Things I noticed about 2001: A Space Odyssey. 1) The rocket kicked up dust when it landed on the Moon. The dust swirled as though there was an atmosphere, not a vacuum. 2) When Hal killed his last victim he left him adrift in space. His buddy came to get him in a space pod. Instead of flying directly to his body he flew in a spiral pattern, wasting time and fuel. If he flew directly to him he would see his body among stationary stars. Instead we saw the stars moving behind the body as we approached.



#36 Dave Mitsky

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Posted 29 October 2019 - 03:16 PM

ack in the 60's on Sky At Night (a British show on astronomy) Sir Patrick Moore live says something like " In just a few minutes we will have our first look at mars with its flowing rivers and forest."  as one of the mars missions was about to send back the first ever close up surface photos of mars.

 

Moore also believed that lunar craters were mainly due to vulcanism.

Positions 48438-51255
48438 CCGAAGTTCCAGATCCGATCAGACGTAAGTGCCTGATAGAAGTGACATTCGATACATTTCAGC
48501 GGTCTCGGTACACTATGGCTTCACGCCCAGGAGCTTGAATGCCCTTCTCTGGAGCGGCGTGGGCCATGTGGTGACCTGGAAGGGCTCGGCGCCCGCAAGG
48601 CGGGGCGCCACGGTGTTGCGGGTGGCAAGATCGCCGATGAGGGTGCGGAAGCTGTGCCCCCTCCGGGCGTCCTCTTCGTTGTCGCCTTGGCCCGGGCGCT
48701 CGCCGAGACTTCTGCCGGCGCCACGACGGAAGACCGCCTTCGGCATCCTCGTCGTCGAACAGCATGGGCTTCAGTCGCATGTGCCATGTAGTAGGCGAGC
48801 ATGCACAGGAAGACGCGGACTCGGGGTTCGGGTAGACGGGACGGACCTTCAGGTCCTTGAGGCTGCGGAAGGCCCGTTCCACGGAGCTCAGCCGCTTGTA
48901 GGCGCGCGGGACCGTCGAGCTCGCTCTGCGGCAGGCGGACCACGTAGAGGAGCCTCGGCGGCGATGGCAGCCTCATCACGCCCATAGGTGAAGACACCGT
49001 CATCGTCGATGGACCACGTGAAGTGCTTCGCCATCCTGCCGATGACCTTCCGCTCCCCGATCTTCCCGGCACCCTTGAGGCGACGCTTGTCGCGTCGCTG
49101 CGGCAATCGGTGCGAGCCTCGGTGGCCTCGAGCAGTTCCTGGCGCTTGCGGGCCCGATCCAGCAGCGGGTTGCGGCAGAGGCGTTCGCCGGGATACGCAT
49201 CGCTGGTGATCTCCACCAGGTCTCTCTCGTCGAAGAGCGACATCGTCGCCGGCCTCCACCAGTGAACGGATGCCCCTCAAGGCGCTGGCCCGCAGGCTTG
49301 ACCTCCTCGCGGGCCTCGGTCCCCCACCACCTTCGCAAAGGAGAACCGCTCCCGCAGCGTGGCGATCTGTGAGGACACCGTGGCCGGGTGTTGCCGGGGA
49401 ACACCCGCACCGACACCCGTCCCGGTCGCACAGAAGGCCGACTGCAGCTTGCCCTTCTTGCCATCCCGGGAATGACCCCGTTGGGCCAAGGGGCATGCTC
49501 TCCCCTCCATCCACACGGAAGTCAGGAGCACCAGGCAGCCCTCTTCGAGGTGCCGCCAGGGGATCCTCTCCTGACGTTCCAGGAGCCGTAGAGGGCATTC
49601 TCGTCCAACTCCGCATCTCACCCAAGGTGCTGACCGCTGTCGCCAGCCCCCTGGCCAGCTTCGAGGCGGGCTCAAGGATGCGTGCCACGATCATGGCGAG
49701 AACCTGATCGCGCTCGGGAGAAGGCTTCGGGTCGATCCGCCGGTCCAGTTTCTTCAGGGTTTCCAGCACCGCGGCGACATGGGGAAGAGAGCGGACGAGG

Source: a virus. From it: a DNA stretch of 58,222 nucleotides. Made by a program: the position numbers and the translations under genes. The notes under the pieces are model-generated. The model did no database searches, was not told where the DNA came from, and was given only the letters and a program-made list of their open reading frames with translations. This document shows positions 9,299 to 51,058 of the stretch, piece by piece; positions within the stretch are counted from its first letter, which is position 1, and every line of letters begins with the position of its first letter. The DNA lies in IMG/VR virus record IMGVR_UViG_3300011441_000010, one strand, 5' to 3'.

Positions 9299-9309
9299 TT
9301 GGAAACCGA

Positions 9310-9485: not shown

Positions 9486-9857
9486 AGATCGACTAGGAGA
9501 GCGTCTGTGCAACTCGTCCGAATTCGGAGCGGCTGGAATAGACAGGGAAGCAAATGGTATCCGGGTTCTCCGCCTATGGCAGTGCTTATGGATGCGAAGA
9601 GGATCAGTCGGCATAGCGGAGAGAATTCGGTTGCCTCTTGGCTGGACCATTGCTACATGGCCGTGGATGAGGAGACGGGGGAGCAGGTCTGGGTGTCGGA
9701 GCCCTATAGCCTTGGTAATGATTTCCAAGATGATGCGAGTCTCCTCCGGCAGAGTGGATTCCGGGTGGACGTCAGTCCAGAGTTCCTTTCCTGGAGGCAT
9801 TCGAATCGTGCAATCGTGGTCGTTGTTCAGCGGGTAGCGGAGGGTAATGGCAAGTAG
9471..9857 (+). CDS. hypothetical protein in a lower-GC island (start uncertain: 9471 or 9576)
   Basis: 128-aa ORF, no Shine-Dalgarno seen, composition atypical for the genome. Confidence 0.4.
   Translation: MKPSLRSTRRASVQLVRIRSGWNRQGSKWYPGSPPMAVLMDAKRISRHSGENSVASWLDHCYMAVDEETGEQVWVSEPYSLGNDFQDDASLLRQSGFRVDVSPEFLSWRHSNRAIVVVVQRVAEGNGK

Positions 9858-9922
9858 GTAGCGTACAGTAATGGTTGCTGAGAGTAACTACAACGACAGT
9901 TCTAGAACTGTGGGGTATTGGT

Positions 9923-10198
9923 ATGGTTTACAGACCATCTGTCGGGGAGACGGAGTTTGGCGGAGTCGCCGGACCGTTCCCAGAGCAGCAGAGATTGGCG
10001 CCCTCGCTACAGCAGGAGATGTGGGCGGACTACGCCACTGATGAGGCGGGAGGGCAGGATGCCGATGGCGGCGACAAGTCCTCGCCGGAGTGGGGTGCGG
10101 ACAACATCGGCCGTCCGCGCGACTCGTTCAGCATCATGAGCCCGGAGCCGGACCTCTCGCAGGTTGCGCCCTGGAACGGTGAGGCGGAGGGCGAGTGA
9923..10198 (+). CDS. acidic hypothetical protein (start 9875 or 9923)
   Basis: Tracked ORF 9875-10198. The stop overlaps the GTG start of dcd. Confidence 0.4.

"Chapter 2, entitled ‘Theories of Crater Origin: Historical Summary,’ relates the theories which have been proposed to explain the origin of what is undoubtedly the most well-known features of the Moon’s surface – the craters. These essentially fall into two categories – impact and volcanic. While Moore and Cattermole do not deny that impact craters exist on the Moon, they emphasise that it is the volcanic theory of origins that they favour to explain the greater part of the lunar crater phenomenon."

 

https://www.amazon.c...e/dp/0393063550

 



#37 RichA

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Posted 29 October 2019 - 03:33 PM

Not TV but...

 

https://www.ebay.com...EMAAOSwrZZdNdN6

 

 



#38 Mike McShan

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Posted 29 October 2019 - 09:53 PM

Yep, the show's set in the not too distant future, couple hundred years from now, right here in our very own solar system. Everyone, watch this show!

I agree - it's a really great show... quite addictive.

 

Clear skies, Mike



#39 KidOrion

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Posted 01 November 2019 - 01:39 AM

Yep, the show's set in the not too distant future

Next Sunday, AD?



#40 tchandler

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Posted 03 November 2019 - 05:13 PM